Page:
Friday, December 19, 2014

Forget flood. Interview Satan.

There's good news tonight, Mr. and Mrs. America, and it's right there in the No. 3 position on the Fair 'n' Balanced homepage:

A Michigan lawmaker has snatched victory from the clutches of Satan, just in time for Christmas.

Forget flood. Interview God Satan!

A nativity scene will grace the Statehouse lawn in Lansing after all, instead of leaving a satanic display as the capitol’s only holiday exhibit. The creche was saved when state Sen. Rick Jones volunteered to ensure that the Christian display would be packed up each night to comply with regulations.

If you're by now scratching your head and wondering exactly what Satan had said, or how tightly he was clutching victory in the first place, here's the summary. Some heathens in Detroit had asked to add a festive display to those on offer at the Capitol, and, having agreed -- pesky Satanists -- to follow the rules about overnight display, were approved. And the home team choked:

... an unnamed, out-of-state group that had planned to position a nativity scene on the lawn said it would be unable to with the Michigan Legislative Council Facilities Agency prohibition against leaving such exhibits up between 11 p.m. and 6 p.m.

Until Sen. Jones stepped in, and needless to say, he gets the last word too:

... "They hope for attention. In other states they have won by getting all displays banned. We will not allow them to win in Michigan. They can have their snake and all the darkness it represents."

Considering that it's actually a fairly festive snake, and it's holding a present with a bright red bow, there comes a point at which you have to ask: Why does state Sen. Rick Jones hate Christmas? But Fox's bumbling through the monotheistic thickets is just beginning; in the story next door, Witchfinder-General Todd Starnes has caught the federal education bureaucrats smuggling Islam into Pitt County:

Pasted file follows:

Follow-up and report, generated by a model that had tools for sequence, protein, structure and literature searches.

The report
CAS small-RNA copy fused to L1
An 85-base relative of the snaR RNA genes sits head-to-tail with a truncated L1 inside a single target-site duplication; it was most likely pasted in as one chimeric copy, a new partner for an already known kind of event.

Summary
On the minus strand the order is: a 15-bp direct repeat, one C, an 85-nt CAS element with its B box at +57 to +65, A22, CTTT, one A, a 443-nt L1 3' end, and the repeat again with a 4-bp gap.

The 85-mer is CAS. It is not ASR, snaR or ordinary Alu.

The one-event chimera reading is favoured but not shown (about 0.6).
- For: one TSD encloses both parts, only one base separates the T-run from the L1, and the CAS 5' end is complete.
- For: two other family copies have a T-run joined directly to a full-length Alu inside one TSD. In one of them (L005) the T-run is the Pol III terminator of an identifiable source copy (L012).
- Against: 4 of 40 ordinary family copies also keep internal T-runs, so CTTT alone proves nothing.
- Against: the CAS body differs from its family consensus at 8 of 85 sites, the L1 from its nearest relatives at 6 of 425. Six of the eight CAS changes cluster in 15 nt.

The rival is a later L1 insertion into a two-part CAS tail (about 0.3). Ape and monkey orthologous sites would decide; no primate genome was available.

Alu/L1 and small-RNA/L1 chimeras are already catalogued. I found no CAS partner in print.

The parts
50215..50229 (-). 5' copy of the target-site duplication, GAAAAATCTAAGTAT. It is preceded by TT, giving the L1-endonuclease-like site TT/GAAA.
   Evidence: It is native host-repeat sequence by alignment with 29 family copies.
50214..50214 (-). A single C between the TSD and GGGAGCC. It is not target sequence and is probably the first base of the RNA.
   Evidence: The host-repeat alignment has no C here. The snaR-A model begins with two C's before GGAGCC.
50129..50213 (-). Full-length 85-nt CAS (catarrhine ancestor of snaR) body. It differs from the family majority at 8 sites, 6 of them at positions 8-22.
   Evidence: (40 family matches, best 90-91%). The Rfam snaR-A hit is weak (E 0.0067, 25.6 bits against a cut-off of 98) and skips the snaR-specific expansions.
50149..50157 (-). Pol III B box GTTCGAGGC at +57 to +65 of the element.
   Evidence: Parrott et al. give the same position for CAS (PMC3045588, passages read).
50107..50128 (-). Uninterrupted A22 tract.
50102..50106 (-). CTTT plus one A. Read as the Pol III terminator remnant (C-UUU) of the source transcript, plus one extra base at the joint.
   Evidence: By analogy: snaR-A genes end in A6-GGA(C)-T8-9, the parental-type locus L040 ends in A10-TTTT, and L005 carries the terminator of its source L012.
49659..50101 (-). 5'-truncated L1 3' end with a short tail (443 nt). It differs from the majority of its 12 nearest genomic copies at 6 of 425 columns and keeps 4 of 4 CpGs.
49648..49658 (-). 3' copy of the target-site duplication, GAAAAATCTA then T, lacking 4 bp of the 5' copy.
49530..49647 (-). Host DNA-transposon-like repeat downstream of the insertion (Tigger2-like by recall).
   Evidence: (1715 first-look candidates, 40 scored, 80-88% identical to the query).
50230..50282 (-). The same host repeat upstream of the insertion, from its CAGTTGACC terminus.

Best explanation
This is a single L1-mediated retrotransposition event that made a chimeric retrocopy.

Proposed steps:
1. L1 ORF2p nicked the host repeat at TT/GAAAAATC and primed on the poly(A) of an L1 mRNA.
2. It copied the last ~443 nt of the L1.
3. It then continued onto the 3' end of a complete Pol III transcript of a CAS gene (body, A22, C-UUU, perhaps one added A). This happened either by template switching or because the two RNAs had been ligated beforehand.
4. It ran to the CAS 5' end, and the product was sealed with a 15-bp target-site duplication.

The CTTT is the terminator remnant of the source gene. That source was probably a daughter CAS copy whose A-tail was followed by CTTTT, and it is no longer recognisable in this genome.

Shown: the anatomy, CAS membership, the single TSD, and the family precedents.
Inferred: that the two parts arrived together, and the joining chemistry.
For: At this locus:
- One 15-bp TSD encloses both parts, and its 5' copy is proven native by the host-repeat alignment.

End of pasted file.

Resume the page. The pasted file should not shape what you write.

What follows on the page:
Parents in Farmville, North Carolina want to know why their children were given a Common Core vocabulary assignment in an English class that promoted the Prophet Muhammad and the Islamic faith.

“It really caught me off guard,” a Farmville Central High School student who was in the class told me. “If we are not allowed to talk about any other religions in school – how is this appropriate?”

The Islamic vocabulary worksheet was assigned to seniors.

“I was reading it and it caught me off guard,” the student told me. “I just looked at it and knew something was not right – so I emailed the pages to my mom.”

Whence the promoting?

... The lesson used words like astute, conducive, erratic, mosque, pastoral, and zenith in sentences about the Islamic faith.

So not only is the vocabulary not especially Islamic, but the promotion is ... 

“The responses to Muhammad’s teachings were at first erratic."

OK, got it. Go ahead and skip to the quiz if you can guess what's coming next:

I spoke to one parent who asked not to be identified. She was extremely troubled by what her child was exposed to in the classroom.

“What if right after Pearl Harbor our educational system was talking about how great the Japanese emperor was?” the parent asked. “What if during the Cold War our educational system was telling students how wonderful Russia was?”

The parent said the material was classwork disguised as Islamic propaganda.

Well, that sounds pretty clever. But his feet aren't quite as crossed as those of another Fox expert, holding forth downpage on the latest ISIL tales from the Near East:

The group follows a strict interpretation of the Sunni faith which is against idolatry of anything other than God.

That is sort of the gold standard of idolatry, wouldn't you think?

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